Victoria Stewart meets the co-author of a new book of recipes and stories inspired by Central Asia and the Caucasus. (Image: Christopher Herwig)
I have never visited the Uzbek city Samarkand. Yet talking to Eleanor Ford, the co-author of a new cookbook ‘Samarkand: Recipes and Stories from Central Asia and the Caucasus’, I feel as if I have been instantly transported there, so rich is the tapestry of tales she and her childhood friend Caroline Eden have woven together.
The book is filled with introductions to the various culinary traditions of the area, interspersed with recipes like apricot and red lentil soup, Kazan kebabs, pilavs and plovs (a lamb and rice pilaf), to Kyrgyz swirled onion flatbread, mountain Jew omelette, kuksu noodle soup and tarragon soda. It is clearly a cookbook that will open up many eyes – as it has mine – to the varied and wide-ranging cooking styles that come out of this country’s city and its surrounding area, and indeed Ford says that at home in London, little is known about it:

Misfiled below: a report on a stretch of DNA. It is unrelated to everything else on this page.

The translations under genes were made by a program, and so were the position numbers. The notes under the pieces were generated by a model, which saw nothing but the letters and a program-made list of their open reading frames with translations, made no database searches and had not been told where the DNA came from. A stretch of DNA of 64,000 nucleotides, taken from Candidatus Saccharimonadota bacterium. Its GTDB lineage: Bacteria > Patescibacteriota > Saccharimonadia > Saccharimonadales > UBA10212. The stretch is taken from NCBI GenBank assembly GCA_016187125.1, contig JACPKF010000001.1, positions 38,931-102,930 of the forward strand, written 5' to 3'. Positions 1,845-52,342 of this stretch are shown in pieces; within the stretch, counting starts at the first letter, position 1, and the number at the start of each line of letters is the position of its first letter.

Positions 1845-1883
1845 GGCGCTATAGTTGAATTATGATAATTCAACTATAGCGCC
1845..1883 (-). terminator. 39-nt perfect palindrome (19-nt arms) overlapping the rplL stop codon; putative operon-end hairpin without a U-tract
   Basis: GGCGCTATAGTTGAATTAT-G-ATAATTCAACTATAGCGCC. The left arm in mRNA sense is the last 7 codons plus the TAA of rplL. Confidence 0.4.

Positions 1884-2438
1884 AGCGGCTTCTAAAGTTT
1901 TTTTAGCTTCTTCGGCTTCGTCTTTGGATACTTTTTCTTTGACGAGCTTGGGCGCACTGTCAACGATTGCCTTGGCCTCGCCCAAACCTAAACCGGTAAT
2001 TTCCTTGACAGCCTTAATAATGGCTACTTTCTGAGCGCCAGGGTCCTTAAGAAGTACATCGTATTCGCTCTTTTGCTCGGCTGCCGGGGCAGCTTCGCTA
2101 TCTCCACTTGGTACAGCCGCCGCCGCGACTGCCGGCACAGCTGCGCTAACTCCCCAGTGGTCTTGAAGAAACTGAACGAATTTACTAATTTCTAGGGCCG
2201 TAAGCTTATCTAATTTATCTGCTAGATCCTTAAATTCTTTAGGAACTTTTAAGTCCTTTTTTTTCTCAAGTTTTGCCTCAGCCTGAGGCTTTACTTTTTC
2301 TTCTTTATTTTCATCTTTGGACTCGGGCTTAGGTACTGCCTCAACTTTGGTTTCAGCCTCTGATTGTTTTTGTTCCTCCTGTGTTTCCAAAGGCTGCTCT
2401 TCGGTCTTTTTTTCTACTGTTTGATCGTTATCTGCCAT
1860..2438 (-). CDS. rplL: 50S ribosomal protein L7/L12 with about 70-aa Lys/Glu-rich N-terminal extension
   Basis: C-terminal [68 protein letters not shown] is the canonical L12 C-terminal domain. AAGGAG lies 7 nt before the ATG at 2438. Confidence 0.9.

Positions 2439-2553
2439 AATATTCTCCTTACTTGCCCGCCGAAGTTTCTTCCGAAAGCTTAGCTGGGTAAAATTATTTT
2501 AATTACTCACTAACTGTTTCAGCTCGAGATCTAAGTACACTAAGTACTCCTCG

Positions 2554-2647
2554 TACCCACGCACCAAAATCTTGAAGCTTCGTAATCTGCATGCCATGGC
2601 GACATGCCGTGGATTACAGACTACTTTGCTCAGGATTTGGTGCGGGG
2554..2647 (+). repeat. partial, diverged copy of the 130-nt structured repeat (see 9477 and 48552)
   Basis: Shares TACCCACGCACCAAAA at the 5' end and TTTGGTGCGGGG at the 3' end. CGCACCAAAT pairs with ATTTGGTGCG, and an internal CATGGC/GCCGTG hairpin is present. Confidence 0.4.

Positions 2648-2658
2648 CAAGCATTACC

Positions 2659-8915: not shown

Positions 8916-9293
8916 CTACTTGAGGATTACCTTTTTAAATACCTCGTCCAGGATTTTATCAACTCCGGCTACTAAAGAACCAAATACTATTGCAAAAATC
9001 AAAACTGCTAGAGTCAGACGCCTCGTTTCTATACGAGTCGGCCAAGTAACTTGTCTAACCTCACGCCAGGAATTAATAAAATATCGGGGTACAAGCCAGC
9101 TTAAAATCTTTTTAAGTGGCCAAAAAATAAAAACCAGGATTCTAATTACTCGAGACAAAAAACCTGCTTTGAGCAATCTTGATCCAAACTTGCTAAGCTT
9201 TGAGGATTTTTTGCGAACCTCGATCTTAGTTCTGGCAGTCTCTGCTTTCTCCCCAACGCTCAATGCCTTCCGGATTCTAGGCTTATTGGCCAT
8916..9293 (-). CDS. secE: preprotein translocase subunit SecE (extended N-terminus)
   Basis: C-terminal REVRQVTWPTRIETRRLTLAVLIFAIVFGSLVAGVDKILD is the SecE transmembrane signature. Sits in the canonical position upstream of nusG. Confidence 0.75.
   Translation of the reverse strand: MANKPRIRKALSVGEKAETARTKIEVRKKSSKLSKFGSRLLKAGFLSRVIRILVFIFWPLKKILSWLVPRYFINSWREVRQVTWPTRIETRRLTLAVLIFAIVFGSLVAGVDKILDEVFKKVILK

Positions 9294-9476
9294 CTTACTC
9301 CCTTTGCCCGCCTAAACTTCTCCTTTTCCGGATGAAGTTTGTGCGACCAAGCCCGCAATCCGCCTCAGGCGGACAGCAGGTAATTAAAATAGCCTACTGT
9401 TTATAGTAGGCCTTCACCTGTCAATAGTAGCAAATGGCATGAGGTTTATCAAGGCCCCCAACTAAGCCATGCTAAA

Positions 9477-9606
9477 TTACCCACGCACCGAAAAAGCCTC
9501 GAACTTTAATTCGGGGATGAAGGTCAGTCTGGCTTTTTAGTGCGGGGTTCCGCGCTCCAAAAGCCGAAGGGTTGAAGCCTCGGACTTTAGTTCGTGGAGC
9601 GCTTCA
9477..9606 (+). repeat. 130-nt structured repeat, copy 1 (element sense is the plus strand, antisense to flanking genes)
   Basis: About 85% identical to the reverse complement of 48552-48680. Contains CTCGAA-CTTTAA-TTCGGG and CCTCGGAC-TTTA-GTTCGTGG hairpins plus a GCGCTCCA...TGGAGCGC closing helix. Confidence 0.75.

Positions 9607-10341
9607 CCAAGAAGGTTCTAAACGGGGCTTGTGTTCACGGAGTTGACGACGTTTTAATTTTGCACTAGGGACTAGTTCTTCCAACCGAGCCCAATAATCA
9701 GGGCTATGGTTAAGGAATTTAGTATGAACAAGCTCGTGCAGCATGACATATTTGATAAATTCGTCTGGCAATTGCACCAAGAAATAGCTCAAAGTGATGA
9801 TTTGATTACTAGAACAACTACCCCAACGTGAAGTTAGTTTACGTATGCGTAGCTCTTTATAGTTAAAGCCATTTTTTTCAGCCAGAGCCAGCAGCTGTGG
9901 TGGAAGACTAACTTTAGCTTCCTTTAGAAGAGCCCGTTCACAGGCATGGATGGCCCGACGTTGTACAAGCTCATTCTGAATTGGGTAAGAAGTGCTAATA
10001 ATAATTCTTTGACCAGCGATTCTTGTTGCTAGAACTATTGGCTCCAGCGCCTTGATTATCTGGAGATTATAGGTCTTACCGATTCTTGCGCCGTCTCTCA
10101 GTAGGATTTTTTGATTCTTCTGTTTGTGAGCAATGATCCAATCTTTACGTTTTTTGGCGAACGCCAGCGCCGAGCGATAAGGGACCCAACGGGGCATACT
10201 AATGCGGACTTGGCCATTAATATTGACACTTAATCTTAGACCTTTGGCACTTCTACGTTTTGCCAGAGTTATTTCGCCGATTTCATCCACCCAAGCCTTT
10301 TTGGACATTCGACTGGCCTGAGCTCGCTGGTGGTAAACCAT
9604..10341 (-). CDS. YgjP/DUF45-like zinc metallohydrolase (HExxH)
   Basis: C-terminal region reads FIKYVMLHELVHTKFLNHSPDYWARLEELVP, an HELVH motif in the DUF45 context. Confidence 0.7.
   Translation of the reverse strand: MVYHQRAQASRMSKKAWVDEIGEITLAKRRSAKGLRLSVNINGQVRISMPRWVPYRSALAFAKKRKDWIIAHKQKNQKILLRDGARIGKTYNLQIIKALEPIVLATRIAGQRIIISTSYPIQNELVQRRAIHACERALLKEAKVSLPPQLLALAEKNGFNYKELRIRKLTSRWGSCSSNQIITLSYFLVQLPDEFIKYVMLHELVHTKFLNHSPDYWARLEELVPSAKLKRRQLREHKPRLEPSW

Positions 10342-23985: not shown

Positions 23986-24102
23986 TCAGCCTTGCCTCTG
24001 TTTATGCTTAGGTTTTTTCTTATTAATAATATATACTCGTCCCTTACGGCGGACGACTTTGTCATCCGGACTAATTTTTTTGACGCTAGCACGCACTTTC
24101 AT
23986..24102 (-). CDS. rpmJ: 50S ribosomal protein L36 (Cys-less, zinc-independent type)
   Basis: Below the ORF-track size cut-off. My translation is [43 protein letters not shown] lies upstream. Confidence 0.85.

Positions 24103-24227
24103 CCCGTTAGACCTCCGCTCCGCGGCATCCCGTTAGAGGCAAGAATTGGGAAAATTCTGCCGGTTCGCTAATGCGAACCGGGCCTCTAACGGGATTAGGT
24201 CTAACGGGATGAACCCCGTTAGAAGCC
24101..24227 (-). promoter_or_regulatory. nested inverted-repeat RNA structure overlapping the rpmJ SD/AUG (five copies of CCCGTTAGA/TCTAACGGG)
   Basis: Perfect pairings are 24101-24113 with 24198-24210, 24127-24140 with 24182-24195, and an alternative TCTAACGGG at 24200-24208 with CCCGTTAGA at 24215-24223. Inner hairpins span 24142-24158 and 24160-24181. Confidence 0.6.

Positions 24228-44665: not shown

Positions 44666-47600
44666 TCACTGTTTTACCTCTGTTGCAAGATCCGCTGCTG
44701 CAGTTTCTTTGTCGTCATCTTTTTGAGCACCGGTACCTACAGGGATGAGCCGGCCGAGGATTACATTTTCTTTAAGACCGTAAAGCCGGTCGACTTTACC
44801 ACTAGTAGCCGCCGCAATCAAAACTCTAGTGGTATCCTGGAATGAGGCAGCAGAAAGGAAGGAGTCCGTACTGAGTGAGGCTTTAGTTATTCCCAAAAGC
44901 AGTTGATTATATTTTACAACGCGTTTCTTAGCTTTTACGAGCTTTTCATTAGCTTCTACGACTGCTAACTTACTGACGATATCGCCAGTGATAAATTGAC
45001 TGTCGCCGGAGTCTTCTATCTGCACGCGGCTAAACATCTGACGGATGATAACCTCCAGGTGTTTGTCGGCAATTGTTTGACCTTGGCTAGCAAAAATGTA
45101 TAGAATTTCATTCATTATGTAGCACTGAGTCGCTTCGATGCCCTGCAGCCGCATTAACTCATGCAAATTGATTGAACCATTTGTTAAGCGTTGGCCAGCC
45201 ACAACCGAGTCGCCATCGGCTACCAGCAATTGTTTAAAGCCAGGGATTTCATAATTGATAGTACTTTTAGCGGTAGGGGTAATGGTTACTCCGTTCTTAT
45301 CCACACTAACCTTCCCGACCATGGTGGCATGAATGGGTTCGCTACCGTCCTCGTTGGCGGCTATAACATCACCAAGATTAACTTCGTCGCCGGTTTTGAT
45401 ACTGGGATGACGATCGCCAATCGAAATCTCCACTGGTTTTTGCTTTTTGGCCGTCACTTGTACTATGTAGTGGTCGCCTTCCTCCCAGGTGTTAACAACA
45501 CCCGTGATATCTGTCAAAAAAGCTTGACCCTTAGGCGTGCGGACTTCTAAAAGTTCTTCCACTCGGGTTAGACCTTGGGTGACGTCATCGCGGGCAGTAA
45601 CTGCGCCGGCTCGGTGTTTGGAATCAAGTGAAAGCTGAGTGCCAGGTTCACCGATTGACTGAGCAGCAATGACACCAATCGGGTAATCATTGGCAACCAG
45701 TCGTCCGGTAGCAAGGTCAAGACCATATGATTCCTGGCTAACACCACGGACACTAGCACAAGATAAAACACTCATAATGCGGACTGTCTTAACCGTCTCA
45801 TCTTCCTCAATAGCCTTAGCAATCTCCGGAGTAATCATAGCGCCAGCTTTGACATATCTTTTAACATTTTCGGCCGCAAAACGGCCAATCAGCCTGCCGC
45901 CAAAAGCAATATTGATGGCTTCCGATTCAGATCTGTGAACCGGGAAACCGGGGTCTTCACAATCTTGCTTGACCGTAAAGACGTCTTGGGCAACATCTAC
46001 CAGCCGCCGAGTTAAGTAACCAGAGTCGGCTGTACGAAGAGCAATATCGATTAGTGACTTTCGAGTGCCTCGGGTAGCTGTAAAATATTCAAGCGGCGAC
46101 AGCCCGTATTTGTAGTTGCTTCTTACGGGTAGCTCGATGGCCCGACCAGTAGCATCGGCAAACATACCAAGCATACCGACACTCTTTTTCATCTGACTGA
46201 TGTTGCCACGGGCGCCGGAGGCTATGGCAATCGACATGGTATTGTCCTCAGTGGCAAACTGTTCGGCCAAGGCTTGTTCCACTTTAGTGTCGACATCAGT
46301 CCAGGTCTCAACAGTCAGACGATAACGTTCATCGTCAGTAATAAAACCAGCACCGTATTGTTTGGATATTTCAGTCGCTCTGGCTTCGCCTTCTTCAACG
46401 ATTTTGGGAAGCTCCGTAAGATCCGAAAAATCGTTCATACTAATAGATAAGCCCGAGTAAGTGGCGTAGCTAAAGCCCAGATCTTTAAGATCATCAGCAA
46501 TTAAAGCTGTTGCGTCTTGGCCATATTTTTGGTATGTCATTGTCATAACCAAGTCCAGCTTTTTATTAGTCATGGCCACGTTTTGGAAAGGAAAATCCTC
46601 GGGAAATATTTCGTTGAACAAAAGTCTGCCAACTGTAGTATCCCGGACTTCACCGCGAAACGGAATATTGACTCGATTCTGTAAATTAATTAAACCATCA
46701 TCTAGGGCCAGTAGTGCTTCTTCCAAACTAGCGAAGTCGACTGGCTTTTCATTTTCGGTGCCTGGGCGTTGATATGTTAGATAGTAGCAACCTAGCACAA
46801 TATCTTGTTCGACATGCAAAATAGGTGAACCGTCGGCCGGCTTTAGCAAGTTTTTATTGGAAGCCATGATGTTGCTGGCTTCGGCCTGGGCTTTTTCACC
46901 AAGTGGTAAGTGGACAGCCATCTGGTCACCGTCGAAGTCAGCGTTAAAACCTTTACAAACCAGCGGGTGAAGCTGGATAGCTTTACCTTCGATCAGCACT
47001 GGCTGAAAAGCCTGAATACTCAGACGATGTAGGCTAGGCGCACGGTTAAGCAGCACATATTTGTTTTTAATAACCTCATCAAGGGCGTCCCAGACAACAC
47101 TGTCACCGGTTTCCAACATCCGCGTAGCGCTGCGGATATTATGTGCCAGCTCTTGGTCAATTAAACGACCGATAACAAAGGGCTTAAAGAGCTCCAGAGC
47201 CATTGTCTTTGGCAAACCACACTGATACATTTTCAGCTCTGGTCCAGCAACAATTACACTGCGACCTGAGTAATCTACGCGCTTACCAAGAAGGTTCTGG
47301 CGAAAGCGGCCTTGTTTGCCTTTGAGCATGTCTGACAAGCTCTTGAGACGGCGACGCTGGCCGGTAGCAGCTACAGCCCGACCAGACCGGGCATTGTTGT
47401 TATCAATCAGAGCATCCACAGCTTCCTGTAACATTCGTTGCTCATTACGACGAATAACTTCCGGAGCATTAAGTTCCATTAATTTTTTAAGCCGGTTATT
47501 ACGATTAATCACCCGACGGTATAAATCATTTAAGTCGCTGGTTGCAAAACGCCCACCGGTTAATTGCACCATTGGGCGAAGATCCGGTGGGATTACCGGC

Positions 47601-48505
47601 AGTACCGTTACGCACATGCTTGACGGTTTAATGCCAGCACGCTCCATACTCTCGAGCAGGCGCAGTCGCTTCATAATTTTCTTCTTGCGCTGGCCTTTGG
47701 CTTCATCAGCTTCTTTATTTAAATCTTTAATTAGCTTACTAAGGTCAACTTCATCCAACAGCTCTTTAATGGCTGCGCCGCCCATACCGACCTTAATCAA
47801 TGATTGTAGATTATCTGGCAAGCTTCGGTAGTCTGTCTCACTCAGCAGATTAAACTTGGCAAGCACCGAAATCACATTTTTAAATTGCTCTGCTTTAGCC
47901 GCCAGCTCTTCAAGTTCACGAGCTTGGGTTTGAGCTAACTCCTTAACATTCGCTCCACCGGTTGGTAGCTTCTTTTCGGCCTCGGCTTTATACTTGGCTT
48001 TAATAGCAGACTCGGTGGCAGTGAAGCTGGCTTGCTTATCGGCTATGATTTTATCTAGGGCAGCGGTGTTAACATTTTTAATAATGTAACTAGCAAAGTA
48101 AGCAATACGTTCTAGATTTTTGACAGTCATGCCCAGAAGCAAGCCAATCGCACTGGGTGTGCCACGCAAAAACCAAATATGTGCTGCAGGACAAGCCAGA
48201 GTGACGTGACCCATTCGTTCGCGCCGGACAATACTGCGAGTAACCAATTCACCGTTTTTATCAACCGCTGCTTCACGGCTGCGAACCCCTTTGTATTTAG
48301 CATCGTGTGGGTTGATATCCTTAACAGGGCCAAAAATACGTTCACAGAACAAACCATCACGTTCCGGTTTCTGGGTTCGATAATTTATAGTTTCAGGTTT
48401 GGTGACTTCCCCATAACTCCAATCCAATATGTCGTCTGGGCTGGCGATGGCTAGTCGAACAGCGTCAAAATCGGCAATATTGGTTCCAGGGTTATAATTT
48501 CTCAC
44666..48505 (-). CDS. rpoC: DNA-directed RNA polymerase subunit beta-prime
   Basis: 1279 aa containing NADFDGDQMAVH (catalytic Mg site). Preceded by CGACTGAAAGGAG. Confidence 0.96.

“People are aware that it falls between Europe and Asia but I feel that many people don’t know much about this part of the world that actually has much of our early history – and they certainly don’t know much about the food.”
The full article was originally published in The Evening Standard, in 2016.